Fury and litigation were the result when Orlando Figes posted reviews of books on aspects of the history of the Soviet Union on Amazon's website earlier this year. Offering his pointed comments under the somewhat transparent pseudonym of "Orlando Birkbeck", he praised his own work and rubbished that of rival authors. It is perhaps just as well, then, that he has turned his scholarly attention from the USSR - a subject that seems to infect its historians with all the brotherly love that characterised the Kremlin under Stalin - to an earlier episode in Russia's and Europe's history.
To mid and late Victorians, the Crimean War was the great, if unnecessary and mishandled, war of their or their fathers' lifetimes. But to most Britons today, the greatest European conflict between 1815 and 1914 means little, overshadowed as it is by the grand panorama of the Napoleonic Wars and the ordeal of the First World War. What popular memory retains is fragmentary and insular: a pointless cavalry charge; military incompetence; a high death rate due as much to cholera as to the battlefield; Florence Nightingale; and the introduction of two articles of clothing, the cardigan and the balaclava helmet. Figes, however, argues for the enduring significance of a war that marked a major turning point in the history of Europe.
Although he is somewhat arrogant in his dismissal of previous work on the subject, Figes offers a study that, with its attention to Russian, French and Turkish sources, rescues the Crimean War from the insularity with which it has often been regarded in Britain and instead places it firmly in the context of broad historical developments: the varied concerns and ambitions of the powers as the Ottoman Empire declined; the weakening of the alliance between Austria and Russia, which had upheld the conservative settlement of the Treaty of Vienna; the ambitions of Napoleon III; and Britain's determination not to permit an end to Turkey in Europe, which could lead to Russia at Constantinople and in control of the Black Sea Straits.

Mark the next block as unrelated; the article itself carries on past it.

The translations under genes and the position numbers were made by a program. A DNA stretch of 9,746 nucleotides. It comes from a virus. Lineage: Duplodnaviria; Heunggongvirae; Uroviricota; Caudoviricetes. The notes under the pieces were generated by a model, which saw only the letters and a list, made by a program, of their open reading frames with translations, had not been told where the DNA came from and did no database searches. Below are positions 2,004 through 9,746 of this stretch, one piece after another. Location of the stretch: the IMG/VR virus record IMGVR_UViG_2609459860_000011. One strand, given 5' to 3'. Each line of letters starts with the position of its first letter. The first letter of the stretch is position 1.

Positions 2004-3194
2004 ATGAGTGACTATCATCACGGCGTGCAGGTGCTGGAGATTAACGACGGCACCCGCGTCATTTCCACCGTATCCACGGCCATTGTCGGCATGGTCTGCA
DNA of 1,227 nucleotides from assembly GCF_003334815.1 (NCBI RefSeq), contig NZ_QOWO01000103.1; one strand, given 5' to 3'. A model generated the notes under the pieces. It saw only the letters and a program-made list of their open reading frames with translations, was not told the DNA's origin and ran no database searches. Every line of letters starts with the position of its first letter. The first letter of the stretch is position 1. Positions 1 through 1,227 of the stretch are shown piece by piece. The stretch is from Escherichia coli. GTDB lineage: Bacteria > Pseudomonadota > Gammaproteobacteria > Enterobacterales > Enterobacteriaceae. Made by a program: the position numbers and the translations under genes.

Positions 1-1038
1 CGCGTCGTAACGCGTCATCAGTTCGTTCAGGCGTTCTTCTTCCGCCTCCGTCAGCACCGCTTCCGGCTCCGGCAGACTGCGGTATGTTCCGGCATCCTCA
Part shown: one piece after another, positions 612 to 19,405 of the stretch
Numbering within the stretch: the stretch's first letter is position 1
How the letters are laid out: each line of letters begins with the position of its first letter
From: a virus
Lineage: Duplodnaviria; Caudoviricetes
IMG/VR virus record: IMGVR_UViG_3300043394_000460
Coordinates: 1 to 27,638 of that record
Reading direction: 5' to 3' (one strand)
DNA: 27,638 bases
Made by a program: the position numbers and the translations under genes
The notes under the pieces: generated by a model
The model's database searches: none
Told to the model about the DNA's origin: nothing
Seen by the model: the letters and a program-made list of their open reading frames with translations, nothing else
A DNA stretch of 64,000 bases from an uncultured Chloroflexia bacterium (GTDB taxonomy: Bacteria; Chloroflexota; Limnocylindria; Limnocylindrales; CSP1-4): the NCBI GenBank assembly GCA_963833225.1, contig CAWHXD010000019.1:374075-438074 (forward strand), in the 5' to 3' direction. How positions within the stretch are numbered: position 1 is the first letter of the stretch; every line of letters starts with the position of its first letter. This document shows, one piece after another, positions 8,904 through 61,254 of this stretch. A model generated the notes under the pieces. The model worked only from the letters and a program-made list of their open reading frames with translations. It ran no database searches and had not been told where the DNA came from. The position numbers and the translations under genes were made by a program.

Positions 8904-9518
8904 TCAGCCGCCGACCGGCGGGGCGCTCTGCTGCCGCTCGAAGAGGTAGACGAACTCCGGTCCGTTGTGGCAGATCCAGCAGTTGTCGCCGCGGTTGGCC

If the term the Crimean War does scant justice to the conflict's causes or geographical reach, certainly the Crimea became its main killing field. The death toll of at least 800,000, the trench warfare that marked the siege of Sebastopol, and the roles, in Britain and France, of the press and public opinion lead Figes to characterise it as, in many ways, "the first example of a truly modern war". However, there are also arguments against its depiction as a prequel to the First World War: one can cite the aristocratic and unprofessional nature of military organisation and, as the author notes, the resemblance of its earlier battles to those of the Napoleonic Wars and the shreds of an older chivalric approach to warfare visible in the calling of truces to allow the dead to be buried.
The book's subtitle, The Last Crusade, points to the most original aspect of this study, which places the war in the context of Tsarist Russia's expansion into hitherto Ottoman Europe, the coasts of the Black Sea, the Caucasus and the Khanates of Central Asia, and the religious nature of Russian nationalism. For Tsar Nicholas I, there was a divine mission on two fronts: the expulsion of Islam from Europe and even from areas beyond the Urals; and the vision of a new Orthodox, Russo-Greek Byzantium, which would exclude Latin and Catholic influences from Eastern Europe. Most historians have dismissed the immediate causes of the Crimean War, namely the unseemly scuffles between the monks and clergy of different Christian denominations, as of negligible importance. Did it really matter who had the right to repair the roof of the Holy Sepulchre in Jerusalem, or whether Catholic or Orthodox clergy (and, in that case, which Orthodox clergy?) should hold the keys to the Church of the Nativity? Figes contends that these religious squabbles mattered quite a bit.
His analysis of the causes of the war, its campaigns and its consequences demonstrates the relevance of the conflict to the problems of the modern world. That a religious dispute over holy places in Jerusalem could start a major war seems much less unlikely today than it may have appeared to previous generations of historians; the consequences of the fault line between Orthodox Russia and Islam are evident in Chechnya and other mainly Muslim erstwhile Soviet republics; while the opening-up of the whole Ottoman Empire to Western influences played a major part in the creation of militant Islamism. This insightful book ends with Figes noting that on Vladimir Putin's order, a portrait of Tsar Nicholas now hangs in the antechamber of the Kremlin's presidential office.
Crimea: The Last Crusade
By Orlando Figes
Allen Lane, 608pp, £30.00
Published 7 October 2010